A state or territory ban will only apply to the relevant state or territory where the ban is imposed. In this situation, the minister does not need to notify the supplier or provide them with an opportunity to call a conference. Businesses can still take action against the manufacturer if the manufacturer caused the defect.
Permanent Bans in Australia
The Commonwealth Minister can also declare a permanent ban. A permanent ban applies nationally. If the Minister proposes a permanent ban, they must publish a ban notice online and invite affected suppliers to request a conference with the ACCC to discuss the ban.
How to Comply with a Ban
If your products are banned, it is unlawful for you to:
- offer to supply;
- manufacture; or
- have control of the product.
Businesses which export products which are banned in Australia should seek legal advice as special rules apply in these circumstances. For a list of the current banned products in Australia, please see this Product Safety Australia list.
A ban on a product applies to:
- hirers; and
Mandatory Standards for Certain Products
Mandatory standards make safety and information features on products compulsory. They apply to certain products where they are reasonably necessary to prevent or reduce a risk of injury to a consumer. Some products which are subject to a mandatory standard include:
- baby bath aids;
- aquatic toys;
- baby dummies;
- baby walkers;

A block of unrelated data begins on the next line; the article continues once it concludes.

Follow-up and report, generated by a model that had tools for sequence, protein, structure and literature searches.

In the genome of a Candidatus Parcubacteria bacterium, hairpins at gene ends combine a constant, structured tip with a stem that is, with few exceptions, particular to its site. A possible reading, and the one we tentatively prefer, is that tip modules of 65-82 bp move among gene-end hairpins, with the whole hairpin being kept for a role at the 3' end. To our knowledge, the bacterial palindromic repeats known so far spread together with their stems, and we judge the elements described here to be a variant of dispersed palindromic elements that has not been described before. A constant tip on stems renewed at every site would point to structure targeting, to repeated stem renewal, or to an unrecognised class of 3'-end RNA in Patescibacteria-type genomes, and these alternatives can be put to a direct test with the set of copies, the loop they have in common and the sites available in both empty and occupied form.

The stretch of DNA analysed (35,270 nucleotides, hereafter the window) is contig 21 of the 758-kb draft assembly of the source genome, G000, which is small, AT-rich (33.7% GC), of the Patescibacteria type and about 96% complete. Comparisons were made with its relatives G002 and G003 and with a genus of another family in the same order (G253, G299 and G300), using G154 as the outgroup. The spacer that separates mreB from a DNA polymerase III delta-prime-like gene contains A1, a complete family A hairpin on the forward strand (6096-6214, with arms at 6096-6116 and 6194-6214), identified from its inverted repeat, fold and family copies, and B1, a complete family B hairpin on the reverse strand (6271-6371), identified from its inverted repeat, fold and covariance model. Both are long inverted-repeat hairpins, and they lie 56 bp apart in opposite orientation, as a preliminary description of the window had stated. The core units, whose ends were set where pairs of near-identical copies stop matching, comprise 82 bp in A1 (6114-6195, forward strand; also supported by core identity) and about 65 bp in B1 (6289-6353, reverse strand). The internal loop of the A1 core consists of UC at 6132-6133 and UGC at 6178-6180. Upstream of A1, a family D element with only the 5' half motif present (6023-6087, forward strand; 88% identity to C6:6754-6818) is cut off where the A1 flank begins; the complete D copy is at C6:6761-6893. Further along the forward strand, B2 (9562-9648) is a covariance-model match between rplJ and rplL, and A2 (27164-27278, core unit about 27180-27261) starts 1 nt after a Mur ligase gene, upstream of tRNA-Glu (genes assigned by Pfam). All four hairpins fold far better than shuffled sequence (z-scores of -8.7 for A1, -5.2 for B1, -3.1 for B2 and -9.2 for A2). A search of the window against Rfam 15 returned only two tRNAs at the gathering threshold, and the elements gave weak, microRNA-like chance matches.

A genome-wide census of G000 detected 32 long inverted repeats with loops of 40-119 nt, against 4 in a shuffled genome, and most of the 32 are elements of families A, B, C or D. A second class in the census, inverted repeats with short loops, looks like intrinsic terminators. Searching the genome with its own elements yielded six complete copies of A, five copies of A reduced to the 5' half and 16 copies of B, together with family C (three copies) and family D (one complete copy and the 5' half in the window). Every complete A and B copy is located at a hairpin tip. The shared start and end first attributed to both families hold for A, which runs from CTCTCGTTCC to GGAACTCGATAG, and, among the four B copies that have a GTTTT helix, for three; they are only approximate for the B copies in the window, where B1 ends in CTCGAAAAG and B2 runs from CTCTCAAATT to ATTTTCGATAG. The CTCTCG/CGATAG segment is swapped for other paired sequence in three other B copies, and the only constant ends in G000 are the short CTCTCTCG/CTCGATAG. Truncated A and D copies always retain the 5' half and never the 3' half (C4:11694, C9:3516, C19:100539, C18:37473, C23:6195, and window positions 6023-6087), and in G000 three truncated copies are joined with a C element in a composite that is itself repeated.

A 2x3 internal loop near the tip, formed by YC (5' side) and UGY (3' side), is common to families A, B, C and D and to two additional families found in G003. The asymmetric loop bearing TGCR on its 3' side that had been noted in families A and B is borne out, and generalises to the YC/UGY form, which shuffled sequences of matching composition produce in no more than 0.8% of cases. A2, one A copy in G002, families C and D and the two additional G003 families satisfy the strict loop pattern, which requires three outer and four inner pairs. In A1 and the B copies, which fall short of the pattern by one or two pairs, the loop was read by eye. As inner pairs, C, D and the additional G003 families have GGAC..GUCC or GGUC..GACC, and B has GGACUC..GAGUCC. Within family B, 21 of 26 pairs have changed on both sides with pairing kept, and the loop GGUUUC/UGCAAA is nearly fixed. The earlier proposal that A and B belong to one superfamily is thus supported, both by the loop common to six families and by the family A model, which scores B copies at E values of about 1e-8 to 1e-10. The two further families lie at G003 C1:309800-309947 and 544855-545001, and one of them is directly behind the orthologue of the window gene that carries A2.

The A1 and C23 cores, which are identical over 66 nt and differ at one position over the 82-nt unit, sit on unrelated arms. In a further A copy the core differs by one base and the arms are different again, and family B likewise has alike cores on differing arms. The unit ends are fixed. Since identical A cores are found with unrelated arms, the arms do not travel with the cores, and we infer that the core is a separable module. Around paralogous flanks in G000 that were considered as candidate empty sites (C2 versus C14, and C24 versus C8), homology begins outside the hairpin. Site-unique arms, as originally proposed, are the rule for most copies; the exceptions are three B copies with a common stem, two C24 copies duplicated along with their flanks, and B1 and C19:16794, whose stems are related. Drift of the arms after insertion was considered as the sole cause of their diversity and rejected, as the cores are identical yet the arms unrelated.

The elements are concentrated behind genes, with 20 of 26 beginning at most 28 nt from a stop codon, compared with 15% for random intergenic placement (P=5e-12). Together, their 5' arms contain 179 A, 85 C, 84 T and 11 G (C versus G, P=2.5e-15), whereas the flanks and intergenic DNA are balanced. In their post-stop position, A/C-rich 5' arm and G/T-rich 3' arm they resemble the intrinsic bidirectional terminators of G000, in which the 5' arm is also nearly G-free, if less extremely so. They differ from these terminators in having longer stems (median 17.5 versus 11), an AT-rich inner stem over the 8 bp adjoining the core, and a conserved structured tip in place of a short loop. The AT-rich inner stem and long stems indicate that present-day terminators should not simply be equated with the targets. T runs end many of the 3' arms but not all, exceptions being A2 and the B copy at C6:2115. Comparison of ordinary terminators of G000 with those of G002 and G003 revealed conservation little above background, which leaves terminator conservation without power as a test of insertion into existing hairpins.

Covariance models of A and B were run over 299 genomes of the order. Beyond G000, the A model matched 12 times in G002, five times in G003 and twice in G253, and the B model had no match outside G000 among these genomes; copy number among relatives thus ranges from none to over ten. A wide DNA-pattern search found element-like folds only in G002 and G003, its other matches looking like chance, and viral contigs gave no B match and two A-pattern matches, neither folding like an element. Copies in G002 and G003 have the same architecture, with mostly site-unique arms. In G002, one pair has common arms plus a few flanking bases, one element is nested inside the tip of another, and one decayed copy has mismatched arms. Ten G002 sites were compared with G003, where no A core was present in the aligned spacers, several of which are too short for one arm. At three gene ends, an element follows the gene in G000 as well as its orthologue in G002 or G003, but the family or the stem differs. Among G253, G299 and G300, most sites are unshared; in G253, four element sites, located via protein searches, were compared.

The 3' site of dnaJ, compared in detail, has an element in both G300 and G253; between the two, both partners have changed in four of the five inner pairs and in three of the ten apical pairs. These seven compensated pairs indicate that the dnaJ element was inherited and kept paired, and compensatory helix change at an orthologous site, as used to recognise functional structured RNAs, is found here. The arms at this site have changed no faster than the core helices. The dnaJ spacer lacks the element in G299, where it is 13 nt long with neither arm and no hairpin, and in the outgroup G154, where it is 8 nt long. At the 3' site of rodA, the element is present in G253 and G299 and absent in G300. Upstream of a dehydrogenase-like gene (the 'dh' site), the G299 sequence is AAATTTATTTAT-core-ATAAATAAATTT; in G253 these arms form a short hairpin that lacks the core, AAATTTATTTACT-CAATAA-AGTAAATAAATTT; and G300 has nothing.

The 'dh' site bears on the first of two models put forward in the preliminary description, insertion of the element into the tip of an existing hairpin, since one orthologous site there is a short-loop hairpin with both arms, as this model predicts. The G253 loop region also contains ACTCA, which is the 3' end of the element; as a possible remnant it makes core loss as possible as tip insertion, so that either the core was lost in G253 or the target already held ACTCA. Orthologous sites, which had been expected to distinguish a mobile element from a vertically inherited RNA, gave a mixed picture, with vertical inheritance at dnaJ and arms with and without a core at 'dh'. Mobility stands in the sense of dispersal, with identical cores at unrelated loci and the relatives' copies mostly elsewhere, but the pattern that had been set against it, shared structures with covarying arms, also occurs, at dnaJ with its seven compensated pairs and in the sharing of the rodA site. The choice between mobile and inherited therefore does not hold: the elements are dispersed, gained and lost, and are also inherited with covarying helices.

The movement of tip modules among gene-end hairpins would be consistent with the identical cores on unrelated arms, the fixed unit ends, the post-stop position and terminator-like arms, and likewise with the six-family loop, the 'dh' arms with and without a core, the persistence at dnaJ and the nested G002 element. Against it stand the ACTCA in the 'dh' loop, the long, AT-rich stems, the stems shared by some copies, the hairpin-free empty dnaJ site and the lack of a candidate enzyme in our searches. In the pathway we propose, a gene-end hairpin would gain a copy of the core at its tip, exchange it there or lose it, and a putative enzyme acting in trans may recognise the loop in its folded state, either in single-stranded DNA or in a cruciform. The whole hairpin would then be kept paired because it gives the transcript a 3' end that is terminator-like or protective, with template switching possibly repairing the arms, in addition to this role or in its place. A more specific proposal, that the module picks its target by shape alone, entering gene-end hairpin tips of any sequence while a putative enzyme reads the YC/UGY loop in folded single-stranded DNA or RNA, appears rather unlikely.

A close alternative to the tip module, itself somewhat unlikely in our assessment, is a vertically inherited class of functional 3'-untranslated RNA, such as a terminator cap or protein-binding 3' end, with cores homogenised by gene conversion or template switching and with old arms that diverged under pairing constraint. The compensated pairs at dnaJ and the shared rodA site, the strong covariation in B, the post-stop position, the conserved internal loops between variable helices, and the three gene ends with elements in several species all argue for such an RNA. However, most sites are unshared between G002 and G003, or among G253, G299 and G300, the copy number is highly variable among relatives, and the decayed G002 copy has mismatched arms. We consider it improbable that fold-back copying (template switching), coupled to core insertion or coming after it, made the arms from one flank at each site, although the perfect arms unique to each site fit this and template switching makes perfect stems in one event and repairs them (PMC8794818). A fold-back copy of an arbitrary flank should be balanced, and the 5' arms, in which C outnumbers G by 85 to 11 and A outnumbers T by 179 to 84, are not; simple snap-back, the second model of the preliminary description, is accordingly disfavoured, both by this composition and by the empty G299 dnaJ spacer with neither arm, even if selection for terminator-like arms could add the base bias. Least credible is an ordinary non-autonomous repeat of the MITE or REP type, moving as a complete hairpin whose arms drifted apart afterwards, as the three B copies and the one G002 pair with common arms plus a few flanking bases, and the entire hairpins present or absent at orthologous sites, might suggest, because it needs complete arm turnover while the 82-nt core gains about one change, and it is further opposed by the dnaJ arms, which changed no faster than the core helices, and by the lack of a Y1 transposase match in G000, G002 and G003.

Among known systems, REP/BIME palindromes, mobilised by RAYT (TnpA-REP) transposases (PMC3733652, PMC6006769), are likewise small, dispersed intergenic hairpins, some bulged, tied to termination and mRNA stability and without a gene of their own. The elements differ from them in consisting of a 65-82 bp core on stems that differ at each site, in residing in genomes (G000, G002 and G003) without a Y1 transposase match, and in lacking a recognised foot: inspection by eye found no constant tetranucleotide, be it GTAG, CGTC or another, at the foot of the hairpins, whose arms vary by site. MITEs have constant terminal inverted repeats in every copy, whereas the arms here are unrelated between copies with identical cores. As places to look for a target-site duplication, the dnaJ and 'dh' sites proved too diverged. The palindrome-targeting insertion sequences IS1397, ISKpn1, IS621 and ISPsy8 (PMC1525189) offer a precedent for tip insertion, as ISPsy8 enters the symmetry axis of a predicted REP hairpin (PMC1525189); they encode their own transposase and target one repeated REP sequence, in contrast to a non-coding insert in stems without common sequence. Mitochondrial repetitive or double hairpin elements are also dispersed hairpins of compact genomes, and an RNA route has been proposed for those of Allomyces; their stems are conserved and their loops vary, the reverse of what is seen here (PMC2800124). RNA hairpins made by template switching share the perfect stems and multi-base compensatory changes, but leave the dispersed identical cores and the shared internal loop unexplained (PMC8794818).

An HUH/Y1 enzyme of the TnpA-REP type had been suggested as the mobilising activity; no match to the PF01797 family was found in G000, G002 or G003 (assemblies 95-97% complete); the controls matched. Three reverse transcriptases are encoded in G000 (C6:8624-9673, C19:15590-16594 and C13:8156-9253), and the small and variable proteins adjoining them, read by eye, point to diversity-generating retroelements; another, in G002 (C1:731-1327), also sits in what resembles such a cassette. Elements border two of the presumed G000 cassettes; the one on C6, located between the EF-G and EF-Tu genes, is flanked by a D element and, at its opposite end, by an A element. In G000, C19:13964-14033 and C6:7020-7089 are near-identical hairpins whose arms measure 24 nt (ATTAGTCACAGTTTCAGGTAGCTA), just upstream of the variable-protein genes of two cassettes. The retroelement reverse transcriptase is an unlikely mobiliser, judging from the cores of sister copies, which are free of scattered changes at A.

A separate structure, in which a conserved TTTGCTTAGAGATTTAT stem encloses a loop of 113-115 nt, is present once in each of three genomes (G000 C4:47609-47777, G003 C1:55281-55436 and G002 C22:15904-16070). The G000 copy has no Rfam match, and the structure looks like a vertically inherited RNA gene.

- balloon blowing kits;
- basketball rings and backboards; and
- bean bags.
A testing authority must then test your business’ products to ensure they meet the standard before they are sold (for example, the National Association of Testing Authorities Australia). It is an offence to supply products which do not adhere to the relevant mandatory safety standard.
Recalls and Mandatory Reporting
The ACL requires that a product is recalled where there is a risk that it will or may cause injury to a consumer. This also applies if a product does not comply with the relevant mandatory safety standard.
A seller is required to report where there is an awareness of death, serious injury or illness relating to the product supplied. The supplier must make a report within two days following the incident. All participants in the supply chain are required to make a mandatory report, including the supplier, manufacturer, importer or wholesaler. You can submit the report online using the ACCC’s form on the Product Safety Australia website.
Australian law imposes strict product safety obligations on suppliers. If your business operates in this space, it is crucial to meet your obligations. Consumers have a right to demand a refund for products with safety defects, and a business cannot refuse a refund in this situation. It is also important to adhere to the mandatory safety standards imposed on certain products. Failure to meet these standards will result in fines and a mandatory recall of the products.
If you have questions on your obligations under the ACL, get in touch with our consumer lawyers today on 1300 544 755 or fill in the form below.